Where eating is a physiological necessity for most humans – and okay, maybe a hobby for some – there is a small group for which it is a competitive profession. Competitive eating has long existed as a fringe sport and somewhat of a grotesque curiosity. Although we find the exploits of champion eaters Joey Chestnut and Takeru Kobayashi to be both fascinating and rather remarkable, we don’t necessarily consider them to be elite athletes worthy of our admiration.

But it’s undeniable that the superstars of competitive eating boast a certain level of fame and fortune on account of their ability to do something that few other humans can. Just like top sports superstars, competitive eaters approach each competition with a focused frame of mind, plenty of training and a targeted, tactical approach. In other words, despite appearances to the contrary, there is a method to the madness of the wild, madcap nature of the binge-eating, consumption craziness on display. They are even part of an organized league, operating under the umbrella of the competition-regulating Major League Eating (MLE), which oversees professional eating contests nation-wide.

We may all be familiar with the popular Fourth of July hot dog-eating contest on Coney Island, but eating competitions can be a 12-month-a-year endeavor for some professionals. That leaves plenty of time for competitors to stuff their faces with a veritable array of culinary offerings. These contests aren’t without some level of controversy. The American Medical Association (AMA) has publicly derided the competitions as unhealthy, inadvisable eating practices, putting participants at risk of “vomiting, reflux, choking, stomach rupture, diabetes, and enamel erosion”. For their part, MLE discourages spectators from waging their own speed eating battles from home, but they also do deify their roster of eaters, calling them “warriors”.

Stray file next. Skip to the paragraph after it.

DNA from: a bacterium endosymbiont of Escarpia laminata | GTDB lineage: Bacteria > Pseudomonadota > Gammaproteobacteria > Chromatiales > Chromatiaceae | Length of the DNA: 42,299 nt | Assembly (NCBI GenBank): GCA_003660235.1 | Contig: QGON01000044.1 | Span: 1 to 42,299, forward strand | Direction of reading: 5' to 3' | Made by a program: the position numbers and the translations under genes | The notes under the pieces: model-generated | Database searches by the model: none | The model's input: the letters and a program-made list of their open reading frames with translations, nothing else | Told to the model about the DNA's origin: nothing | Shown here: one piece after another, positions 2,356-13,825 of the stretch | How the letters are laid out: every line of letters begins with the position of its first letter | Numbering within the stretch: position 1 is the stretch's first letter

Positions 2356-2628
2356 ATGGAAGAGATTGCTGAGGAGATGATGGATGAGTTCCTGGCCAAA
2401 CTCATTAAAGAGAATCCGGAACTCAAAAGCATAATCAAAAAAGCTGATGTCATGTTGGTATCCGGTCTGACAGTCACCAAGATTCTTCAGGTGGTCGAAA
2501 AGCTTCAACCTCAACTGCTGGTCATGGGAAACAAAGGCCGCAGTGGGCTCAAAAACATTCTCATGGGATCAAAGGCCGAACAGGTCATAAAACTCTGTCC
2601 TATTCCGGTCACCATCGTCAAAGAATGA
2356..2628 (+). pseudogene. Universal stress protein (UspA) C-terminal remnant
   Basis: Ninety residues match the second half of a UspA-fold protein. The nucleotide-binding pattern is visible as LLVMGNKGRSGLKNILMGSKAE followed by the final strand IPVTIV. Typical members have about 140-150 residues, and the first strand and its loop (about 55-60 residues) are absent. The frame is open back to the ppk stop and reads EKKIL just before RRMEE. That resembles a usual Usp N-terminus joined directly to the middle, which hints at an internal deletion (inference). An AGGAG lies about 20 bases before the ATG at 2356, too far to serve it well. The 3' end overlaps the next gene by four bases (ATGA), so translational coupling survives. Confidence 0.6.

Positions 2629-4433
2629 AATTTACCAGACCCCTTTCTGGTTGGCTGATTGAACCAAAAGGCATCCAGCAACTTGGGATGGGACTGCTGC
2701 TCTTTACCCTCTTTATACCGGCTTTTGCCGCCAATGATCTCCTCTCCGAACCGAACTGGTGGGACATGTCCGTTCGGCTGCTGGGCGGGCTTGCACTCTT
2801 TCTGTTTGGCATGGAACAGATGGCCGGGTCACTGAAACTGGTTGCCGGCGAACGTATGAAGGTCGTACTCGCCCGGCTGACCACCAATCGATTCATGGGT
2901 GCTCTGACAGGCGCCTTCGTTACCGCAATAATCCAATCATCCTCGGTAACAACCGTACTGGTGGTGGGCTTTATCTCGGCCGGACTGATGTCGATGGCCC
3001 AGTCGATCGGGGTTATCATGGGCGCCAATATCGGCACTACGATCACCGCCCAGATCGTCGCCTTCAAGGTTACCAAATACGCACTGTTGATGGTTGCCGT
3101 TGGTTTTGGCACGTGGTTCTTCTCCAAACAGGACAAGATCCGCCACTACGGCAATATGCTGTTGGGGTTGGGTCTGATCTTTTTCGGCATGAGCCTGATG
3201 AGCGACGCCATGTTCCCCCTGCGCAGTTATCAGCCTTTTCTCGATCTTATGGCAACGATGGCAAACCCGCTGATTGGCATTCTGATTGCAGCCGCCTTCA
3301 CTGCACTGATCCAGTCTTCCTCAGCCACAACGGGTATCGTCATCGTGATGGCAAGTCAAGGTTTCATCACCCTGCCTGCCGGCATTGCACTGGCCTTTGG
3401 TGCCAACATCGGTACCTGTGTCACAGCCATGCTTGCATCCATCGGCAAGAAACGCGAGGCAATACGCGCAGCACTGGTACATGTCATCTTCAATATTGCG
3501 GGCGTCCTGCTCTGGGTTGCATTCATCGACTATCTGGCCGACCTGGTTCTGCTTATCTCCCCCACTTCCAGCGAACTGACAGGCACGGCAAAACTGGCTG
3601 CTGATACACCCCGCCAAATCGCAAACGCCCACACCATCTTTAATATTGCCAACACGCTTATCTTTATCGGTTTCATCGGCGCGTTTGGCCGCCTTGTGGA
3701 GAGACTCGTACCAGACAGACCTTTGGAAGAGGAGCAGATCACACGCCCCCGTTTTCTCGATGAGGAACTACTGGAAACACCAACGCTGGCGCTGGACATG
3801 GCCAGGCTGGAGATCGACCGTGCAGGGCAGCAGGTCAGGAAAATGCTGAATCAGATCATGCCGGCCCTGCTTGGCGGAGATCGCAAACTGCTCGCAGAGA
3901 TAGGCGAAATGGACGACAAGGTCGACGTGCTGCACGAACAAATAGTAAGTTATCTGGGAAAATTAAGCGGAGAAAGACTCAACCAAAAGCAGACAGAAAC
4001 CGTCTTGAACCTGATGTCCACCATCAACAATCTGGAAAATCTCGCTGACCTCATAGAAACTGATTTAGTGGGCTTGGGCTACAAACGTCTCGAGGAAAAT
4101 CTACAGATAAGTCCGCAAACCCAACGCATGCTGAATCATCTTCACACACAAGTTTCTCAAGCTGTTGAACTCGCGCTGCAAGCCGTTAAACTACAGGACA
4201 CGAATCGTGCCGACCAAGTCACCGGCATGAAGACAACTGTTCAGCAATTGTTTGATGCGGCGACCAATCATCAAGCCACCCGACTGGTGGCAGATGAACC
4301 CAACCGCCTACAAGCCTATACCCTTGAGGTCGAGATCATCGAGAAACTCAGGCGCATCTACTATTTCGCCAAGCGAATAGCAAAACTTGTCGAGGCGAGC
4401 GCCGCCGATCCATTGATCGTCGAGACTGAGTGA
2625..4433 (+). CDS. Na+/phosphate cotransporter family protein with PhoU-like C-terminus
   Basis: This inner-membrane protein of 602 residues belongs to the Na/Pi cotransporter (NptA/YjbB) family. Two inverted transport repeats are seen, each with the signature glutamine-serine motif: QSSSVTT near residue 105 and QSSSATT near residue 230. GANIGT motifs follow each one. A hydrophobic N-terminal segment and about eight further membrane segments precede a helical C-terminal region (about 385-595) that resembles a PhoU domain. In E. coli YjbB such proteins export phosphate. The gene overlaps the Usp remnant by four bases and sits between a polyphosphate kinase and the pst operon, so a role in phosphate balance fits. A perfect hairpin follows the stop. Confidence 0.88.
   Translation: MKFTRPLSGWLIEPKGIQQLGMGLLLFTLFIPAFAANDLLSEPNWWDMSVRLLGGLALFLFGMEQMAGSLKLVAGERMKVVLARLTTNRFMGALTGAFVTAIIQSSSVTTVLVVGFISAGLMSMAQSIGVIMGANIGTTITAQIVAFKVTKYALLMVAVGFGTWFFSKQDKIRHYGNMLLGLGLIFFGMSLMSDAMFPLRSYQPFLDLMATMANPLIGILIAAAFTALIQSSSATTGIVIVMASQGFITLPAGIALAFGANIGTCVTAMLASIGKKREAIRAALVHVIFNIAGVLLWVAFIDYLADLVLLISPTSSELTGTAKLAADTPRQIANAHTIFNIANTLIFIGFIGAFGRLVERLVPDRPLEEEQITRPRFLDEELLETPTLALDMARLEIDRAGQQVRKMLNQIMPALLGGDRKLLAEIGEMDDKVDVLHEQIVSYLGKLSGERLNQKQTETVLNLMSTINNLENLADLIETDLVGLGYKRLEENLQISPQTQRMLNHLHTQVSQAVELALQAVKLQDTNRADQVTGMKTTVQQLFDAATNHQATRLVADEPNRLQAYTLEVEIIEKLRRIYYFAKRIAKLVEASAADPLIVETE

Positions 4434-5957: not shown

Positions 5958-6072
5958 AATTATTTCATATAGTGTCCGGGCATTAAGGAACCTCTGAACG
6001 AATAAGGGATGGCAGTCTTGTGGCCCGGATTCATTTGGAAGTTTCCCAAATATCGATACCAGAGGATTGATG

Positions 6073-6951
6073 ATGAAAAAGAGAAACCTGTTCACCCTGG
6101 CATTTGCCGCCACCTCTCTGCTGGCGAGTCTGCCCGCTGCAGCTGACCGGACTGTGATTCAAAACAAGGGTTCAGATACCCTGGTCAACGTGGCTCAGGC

These “warriors” typically have a calendar chockfull of eating events – and not every one can be as traditional as the Independence Day hot dog contest, which dates back to 1916. The competitions, which are held all across the country, bring eaters to various pockets of America to partake in local traditions that often involve region-specific food. Some of these contests feature more standard eating staples, including cupcakes, pizzas and ice cream to go along with hot dogs. However, as the popularity of these contests has increased and similar challenges have popped up all over the place, typical food fare has been extended to include some quirky, odd delicacies.

Operating on the fringes of competitive eating, some events have come to be deliberately strange in a bid to attract attention and curiosity. For some, that means adding a bizarre hook to get people engaged, as is the case with the “Wigs and Wings” drag queen wing bowl in Philadelphia and Clinton, Montana’s famous Testicle Festival. Weirder, still, is what some of the competitors have to stuff into their gullet at these competitions. This list chronicles the oddest of the odd, from chowing down on mayonnaise to munching on stuffed quahog. Here are some of the most extreme food eating contests and the people who are warped enough to compete in them.